The New Frugality

Researchers claim children cost as much as a new BMW. Find out how to reduce the price tag to a more realistic small Toyota ... without impairing your lifestyle.

Living Better Than Ever in an Age of Less”, says money doesn’t equal financial freedom. “Part of accomplishing financial freedom is what I call the new frugality,” he explains. “This isn’t about deprivation. It’s about choice.”

His way is to keep track of every dollar you earn, plug the hidden leaks (such as credit card interest), spend less money on food, measure success in terms of happiness and see how much money you can save while boosting your quality of life.

Cumulative cost-cutters

If you stop ballet classes, you’ll save on the lessons as well as on transport, uniform, exam fees and the year-end show. (This is just an example. If your dream lifestyle includes ballet, keep it.)

Other snowballing savings include shopping for groceries online (save on fuel and impulse purchases), cheap-night DVD rental (save on fuel, baby sitter, movie tickets, popcorn), home-cooking (save the price of the meal today, the bigger size dress tomorrow and the heart operation in the future).

Beware of bargains

Price and quality often go hand in hand. Buying a $2 umbrella that breaks on day two is false economy. So is buying something you don’t need just because it’s cheap.

If the sale is out of your way, calculate the cost of transport. Also, a 10% sale sounds good, but not if you’re borrowing money at 15% to pay for it.

Buying in bulk only works if you use in bulk. Don’t buy a 5kg bag of salt just because it works out cheaper per teaspoon. Don’t buy a half a lamb if you have to run a second freezer to store it. Also, once you have your bulk bargain, don’t be tempted to use more of it than usual.

Worth cutting

It’s always worth wiping out money-drains like:
•    interest on debt
•    traffic fines
•    alcohol
•    cigarettes
•    soft drinks
•    bank fees (shop around for an account that suits your needs)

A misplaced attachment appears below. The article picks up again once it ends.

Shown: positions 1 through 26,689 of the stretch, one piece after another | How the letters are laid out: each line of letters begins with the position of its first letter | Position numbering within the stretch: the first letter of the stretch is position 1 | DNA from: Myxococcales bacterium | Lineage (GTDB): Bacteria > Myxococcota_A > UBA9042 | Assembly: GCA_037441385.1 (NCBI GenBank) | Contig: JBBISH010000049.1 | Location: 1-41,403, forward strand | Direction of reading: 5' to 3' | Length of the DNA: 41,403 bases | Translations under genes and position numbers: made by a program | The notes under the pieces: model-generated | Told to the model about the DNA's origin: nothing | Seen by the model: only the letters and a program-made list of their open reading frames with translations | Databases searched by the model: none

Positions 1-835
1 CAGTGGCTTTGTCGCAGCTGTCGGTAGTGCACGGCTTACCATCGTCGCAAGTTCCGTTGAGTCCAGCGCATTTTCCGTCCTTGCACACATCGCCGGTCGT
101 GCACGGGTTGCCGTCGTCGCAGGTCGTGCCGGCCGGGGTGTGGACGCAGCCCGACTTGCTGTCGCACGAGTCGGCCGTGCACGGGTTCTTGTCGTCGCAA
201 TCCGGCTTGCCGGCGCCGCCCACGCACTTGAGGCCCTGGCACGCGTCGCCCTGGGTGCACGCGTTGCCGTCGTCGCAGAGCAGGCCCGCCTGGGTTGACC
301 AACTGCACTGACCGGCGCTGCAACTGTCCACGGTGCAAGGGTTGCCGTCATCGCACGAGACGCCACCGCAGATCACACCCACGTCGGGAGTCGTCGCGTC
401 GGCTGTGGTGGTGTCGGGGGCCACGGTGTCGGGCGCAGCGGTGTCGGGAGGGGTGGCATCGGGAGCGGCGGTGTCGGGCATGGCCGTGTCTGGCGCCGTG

•    excessive luxuries, whatever that means in your household.

Worth keeping

Cutting some costs can lead to bigger expenses: think engine oil and what would happen if you skimped on it.

Buy milk not Coca Cola, even if milk’s more expensive. Supplement your beans-on-toast dinners with vegetables in season (carrots and pumpkins in winter, tomatoes and asparagus in summer) to make them more healthy.

Develop a re-use culture: pre-loved toys, hand-me down clothes, toy library, garage sales, local library. Think what else you can reuse: envelopes, tea bags, wrapping paper, regift unwanted presents. Make your own: baby toys from boxes, sponges and wooden spoons; jams from second-grade fruit; pasta, soup, gravy, muffins, homemade pizza.

Don’t cut:
•    insurance
•    car and house maintenance
•    swimming lessons


Many companies have special offers to attract new customers, but don’t forget that a disconnection fee usually applies when you switch suppliers. Remember to add that to your calculations and make sure that the special price you’re getting is guaranteed for at least a year. Plus, shop around for the best deal on landline rental combined with broadband and mobile phone packages – there is a lot of competition out there now with new companies such as 2 Degrees offering some great deals.